History[edit]

Prehistory of non-ferrous extractive metallurgy[edit]

In general, prehistoric extraction of metals, particularly copper, involved two fundamental stages: first, the smelting of copper ore at temperatures exceeding 700 °C is needed to separate the gangue from the copper; second, melting the copper, which requires temperatures exceeding its melting point of 1080 °C.[13] Given the available technology at the time, accomplishing these extreme temperatures posed a significant challenge. Early smelters developed ways to effectively increase smelting temperatures by feeding the fire with forced flows of oxygen.[14]

Copper extraction in particular is of great interest in archeometallurgical studies since it dominated other metals in Mesopotamia from the early Chalcolithic until the mid-to-late sixth century BC.[15][16] There is a lack of consensus among archaeometallurgists on the origin of non-ferrous extractive metallurgy. Some scholars believe that extractive metallurgy may have been simultaneously or independently discovered in several parts of the world. The earliest known use of pyrometallurgical extraction of copper occurred in Belovode, eastern Serbia, from the late sixth to early fifth millennium BC.[17] However, there is also evidence of copper smelting in Tal-i-Iblis, southeastern Iran, which dates back to around the same period.[18] During this period, copper smelters used large in-grown pits filled with coal, or crucibles to extract copper, but by the fourth millennium BC this practice had begun to phase out in favor of the smelting furnace, which had a larger production capacity. From the third millennium onward, the invention of the reusable smelting furnace was crucial to the success of large-scale copper production and the robust expansion of the copper trade through the Bronze Age.[19]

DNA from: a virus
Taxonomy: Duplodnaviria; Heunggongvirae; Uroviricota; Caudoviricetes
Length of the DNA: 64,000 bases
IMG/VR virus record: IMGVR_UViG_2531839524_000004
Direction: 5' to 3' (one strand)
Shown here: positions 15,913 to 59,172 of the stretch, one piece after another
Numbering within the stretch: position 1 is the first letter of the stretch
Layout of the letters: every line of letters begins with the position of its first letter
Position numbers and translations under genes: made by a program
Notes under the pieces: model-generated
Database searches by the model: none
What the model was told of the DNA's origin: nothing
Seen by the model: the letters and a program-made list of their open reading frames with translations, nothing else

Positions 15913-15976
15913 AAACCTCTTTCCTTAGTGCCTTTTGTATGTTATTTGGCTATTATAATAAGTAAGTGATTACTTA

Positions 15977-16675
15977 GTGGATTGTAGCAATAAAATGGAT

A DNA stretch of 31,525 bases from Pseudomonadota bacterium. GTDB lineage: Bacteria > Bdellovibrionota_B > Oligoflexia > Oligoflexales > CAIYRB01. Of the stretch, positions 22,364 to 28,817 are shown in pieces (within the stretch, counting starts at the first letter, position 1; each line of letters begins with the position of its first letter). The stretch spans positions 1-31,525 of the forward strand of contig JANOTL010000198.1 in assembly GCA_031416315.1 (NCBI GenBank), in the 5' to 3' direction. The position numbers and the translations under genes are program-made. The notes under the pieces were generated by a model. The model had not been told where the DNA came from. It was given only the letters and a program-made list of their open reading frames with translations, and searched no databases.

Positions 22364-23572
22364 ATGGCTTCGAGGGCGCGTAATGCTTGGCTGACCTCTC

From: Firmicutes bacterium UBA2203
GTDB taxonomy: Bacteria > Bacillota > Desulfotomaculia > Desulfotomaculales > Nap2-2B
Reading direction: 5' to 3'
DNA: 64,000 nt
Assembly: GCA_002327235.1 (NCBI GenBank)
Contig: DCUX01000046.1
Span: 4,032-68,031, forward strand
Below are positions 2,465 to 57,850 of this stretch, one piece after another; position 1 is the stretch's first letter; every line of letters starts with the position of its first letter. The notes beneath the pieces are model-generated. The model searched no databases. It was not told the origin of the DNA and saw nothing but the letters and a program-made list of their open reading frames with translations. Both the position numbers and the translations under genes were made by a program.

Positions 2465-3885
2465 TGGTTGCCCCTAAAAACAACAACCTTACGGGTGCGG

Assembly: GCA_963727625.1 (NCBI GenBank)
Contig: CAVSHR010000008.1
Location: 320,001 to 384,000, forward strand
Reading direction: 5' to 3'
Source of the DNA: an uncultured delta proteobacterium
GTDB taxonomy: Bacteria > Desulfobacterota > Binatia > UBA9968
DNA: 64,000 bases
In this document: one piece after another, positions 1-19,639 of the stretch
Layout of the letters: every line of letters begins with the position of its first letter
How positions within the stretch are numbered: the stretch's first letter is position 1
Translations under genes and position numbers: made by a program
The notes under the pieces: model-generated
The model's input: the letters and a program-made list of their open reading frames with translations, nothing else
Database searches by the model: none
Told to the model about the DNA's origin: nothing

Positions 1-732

The earliest silver objects began appearing in the late fourth millennium BC in Anatolia, Turkey. Prehistoric silver extraction is strongly associated with the extraction of the less valuable metal, lead; although evidence of lead extraction technology predates silver by at least 3 millennia.[20][21] Silver and lead extractions are also associated because the argentiferous (silver-bearing) ores used in the process often contains both elements.